An older article, but we wanted share some backstory on these concepts of Art Revolutions, which are about access and exposure.
â€‹After conducting a penis count of major NYC art institutions in the ’80s, activist group Guerilla Girls asked, Do ladies have to be naked to get into the Met?Only five percent of the exhibited artists were women while 85 percent of the nudes were female. While we haven’t done an exact tally, we’re confident that Miami’s weenie count is pretty balanced in comparison.
Think of local art superstars Christy Gast, Agustina Woodgate, Jillian Mayer, Susan Lee-Chun and Jen Stark. Add to that major curators like Bonnie Clearwater and Ruba Katrib at MOCA, and gallerists like Bernice Steinbum, and our feminist art report card looks pretty good. But it wasn’t always this way. A documentary, !War Art Revolution, which catalogs the feminist art movement,Â Filmmaker and artist Lynn Hershman Leeson has been filming frustrated women artists for over 40 years. Her latest, !W.AR., documents how their work was discredited by art programs, galleries, and museums for decades. Leeson herself sold one of her pieces in the mid-70s, only to have the collector return it when he found out she was a woman.
With an original score by Carrie Bowenstein (of Sleater Kinney and Wild Flag), the film is a collection of interviews with dozens (frankly, too many) feminist artists, female curators, and tenured art professors. It traces back to early activism like a protest at the Whitey where feminist artists projected their artwork on the outside of the building and placed eggs inside the walls where their work was ignored.
Censored from the white, male art world, women sought out rooms of their own by starting their own magazines, galleries, and academic programs. Judy Chicago, while developing the first female art program at Fresno Sate, noticed women were immediately drawn to “act out” via performance art. Another interviewed artist backs this up with “There’s a long tradition of women being looked upon. Performance art was a way of looking back.” (Interestingly, most of Miami’s major female artists work in performance.)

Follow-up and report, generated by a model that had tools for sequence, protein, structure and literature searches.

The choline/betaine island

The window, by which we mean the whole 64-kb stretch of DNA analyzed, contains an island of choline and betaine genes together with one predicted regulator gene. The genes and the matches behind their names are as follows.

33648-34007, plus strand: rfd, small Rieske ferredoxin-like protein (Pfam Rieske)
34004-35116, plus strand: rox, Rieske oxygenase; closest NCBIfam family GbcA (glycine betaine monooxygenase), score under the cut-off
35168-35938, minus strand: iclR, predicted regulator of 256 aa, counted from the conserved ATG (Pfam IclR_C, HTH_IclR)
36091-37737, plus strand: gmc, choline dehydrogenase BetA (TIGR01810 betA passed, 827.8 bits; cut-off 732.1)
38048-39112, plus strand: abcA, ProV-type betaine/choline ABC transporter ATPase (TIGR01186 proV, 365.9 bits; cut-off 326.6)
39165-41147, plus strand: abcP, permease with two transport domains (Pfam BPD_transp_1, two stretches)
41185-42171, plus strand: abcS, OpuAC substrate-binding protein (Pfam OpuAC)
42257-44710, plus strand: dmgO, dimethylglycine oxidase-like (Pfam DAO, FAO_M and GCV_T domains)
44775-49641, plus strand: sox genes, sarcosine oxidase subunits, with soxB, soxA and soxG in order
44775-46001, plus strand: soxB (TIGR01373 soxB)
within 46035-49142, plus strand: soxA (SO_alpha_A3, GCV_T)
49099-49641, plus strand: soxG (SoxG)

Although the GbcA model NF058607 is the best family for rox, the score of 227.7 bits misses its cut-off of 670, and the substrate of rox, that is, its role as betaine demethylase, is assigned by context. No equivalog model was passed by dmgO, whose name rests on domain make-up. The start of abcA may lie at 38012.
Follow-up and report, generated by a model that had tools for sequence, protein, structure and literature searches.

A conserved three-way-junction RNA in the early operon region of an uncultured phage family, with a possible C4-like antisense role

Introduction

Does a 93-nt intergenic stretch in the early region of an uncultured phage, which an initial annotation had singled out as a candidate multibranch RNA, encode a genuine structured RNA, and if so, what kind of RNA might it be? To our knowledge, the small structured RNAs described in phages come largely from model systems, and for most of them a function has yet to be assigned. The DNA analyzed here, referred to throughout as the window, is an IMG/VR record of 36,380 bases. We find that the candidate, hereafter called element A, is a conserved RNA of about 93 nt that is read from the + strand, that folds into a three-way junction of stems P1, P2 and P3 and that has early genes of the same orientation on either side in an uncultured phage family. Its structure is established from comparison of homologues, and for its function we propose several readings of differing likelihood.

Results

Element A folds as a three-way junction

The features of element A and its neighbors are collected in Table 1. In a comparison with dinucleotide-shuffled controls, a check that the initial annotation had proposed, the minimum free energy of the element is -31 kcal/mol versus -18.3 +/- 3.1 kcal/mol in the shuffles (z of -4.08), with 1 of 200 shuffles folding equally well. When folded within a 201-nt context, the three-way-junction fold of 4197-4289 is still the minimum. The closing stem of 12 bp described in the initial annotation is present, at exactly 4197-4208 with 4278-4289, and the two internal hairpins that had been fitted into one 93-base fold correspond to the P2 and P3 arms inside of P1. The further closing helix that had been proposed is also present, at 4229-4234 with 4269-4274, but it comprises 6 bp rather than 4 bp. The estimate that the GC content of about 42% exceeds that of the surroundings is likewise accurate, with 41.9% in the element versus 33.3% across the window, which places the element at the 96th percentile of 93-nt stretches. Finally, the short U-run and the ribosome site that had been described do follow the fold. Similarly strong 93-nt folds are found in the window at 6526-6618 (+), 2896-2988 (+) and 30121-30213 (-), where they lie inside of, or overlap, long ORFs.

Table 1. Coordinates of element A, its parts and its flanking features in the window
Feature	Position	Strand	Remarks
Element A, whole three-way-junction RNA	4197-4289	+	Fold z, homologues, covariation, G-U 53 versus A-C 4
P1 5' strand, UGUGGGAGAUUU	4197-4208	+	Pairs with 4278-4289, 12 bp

In a scene from 1990, House representatives spend an hour and half raging against vagina art as porn via a bill censoring Chicago’s The Dinner Party as a pornographic collection of ceramic “vaginal areas.” A highlight of the film, Rep. Ron Dellums, who once curated an exhibit of Vietnam war crimes outside his Congressional office, retorts with “Pornography are military weapons that look like phallic symbols capable of doing nothing but destroying human life.”
Even in its current treatment, the patron saint of the film is undoubtedly Ana Medieta, a Cuban exile performance artist (and the subject of Miami choreographer Ana Mendez recent The Body Is Present piece).
â€‹Mendieta was allegedly shoved out a window by her sculpture husband. His art world peers — Robert Rauschenberg, etc. — rallied him and raised funds for his defense. Mendieta’s husband was ultimately acquitted of her murder and went on to exhibit in the Guggenheim.
To some extent, the film wraps around the narrative of the filmmaker. Leeson closes the film by stating that one of her pieces, so undervalued back in to ’70s, was recently bought for 9,000 times its original price — ultimately funding this film.
!W.A.R. is a must-see in that it reveals the decades of struggle on which today’s women artists enjoy their success. As artist Harmony Hammond comments in the film, their fight was “excitement, it was empowering, and it was a lot of fucking work.”
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